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Another thing about this place is that it’s quite close to the ground water level (which admittedly has receeded a bit, perhaps due to the gravel extraction?) and you can still find artefacts of wood! During my time at the excavation we found a huge wooden post. Only a little tuft of wood was visible on the ground, and as it was excavated we discovered not only a substantial piece of wood, but also a large number of stones lining the post hole. The post hole itself was c. 80cm deep.

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When the post was removed, you could see the flat stone that the post was placed on.


As is usual on archaeological sites, we can’t excavate everything. We select slots in ditches, often where they meet up with other ditches so we can see which of these ditches is the older one, but also one or two slots straight across a ditch to see its depth and whether there are one or more fills. There is therefore a certain amount of luck involved in finding the spectacular finds, and it’s inevitable that some very interesting finds and/or burials will be lost to us.

As we moved across the site, like a slow locust swarm eating our way through (selected parts of) the archaeology, the parts where we had already been through were given over to the quarry staff, who came with machines to do the necessary work of levelling the ground prior to gravel extraction. One day we saw both the digger driver and the dumper driver standing at the digger bucket and rooting through it. Naturally we were curious and went over to them. It turned out that they had smashed through a fair amount of samian pottery, i.e. terra sigillata, and as they were interested in archaeology they wanted to see if it was something really nice. So we all pitched in, and twenty minutes later we had sherds from three almost complete bowls. We took the sherds back to the office and the fresh breaks were glued together. I finished on the site shortly after (back to the bone reports and their deadlines) but I hope someone showed the guys a photo of their find. Interested construction (or, in this case, quarry) site staff can make such a difference to archaeologists on site.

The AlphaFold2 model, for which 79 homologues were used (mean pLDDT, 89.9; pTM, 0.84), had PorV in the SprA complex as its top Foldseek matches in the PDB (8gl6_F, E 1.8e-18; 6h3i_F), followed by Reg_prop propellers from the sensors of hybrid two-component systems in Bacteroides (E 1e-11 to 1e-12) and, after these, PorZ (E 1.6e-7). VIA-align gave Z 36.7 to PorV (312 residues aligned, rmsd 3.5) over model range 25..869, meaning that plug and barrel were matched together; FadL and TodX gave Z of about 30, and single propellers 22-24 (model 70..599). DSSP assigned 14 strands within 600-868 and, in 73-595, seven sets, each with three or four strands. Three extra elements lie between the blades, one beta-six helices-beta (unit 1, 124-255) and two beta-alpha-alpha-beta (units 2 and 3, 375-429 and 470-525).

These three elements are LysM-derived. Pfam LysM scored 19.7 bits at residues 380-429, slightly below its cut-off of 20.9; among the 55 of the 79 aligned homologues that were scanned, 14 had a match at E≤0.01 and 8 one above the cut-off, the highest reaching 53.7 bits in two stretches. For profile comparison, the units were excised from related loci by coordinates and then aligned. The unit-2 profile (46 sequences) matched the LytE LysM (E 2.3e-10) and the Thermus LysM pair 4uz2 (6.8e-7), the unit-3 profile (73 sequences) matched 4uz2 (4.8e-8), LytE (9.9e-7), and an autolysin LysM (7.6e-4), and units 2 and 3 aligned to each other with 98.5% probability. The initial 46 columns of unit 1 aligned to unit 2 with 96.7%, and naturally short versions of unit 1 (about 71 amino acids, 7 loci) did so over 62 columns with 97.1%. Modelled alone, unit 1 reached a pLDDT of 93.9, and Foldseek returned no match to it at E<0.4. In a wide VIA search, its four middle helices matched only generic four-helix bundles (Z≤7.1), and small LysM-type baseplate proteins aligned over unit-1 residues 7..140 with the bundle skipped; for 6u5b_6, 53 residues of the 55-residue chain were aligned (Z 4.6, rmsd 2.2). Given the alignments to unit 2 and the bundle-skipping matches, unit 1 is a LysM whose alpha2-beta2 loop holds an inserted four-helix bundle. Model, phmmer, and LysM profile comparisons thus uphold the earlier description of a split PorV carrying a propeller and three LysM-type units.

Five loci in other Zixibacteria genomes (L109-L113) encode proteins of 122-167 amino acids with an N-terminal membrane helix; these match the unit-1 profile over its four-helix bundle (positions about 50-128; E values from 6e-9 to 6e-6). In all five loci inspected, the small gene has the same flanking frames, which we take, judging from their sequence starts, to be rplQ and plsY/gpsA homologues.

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The three bowls.

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The wide bowl.

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Decoration on the small bowl.

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The smallest bowl.

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Maker's mark on the smallest bowl.

Date: 2011-12-19 03:10 am (UTC)
ranunculus: (Default)
From: [personal profile] ranunculus
Thanks, very interesting post!

Date: 2011-12-20 03:09 am (UTC)
ragnvaeig: (Viking)
From: [personal profile] ragnvaeig
Samian pottery <3

Date: 2011-12-22 10:43 pm (UTC)
From: [identity profile] tenthmedieval.wordpress.com
Those are gorgeous, especially the small one that's nearly complete. What marvellous happenstance! And the post-hole was really nice too; it's a demonstration picture for apprentice diggers, that one.

Date: 2011-12-23 10:25 am (UTC)
From: (Anonymous)
Wow! Those pots are amazingly complete considering. Kudos to the machine drivers for stopping and having a look.

Stephanie Vann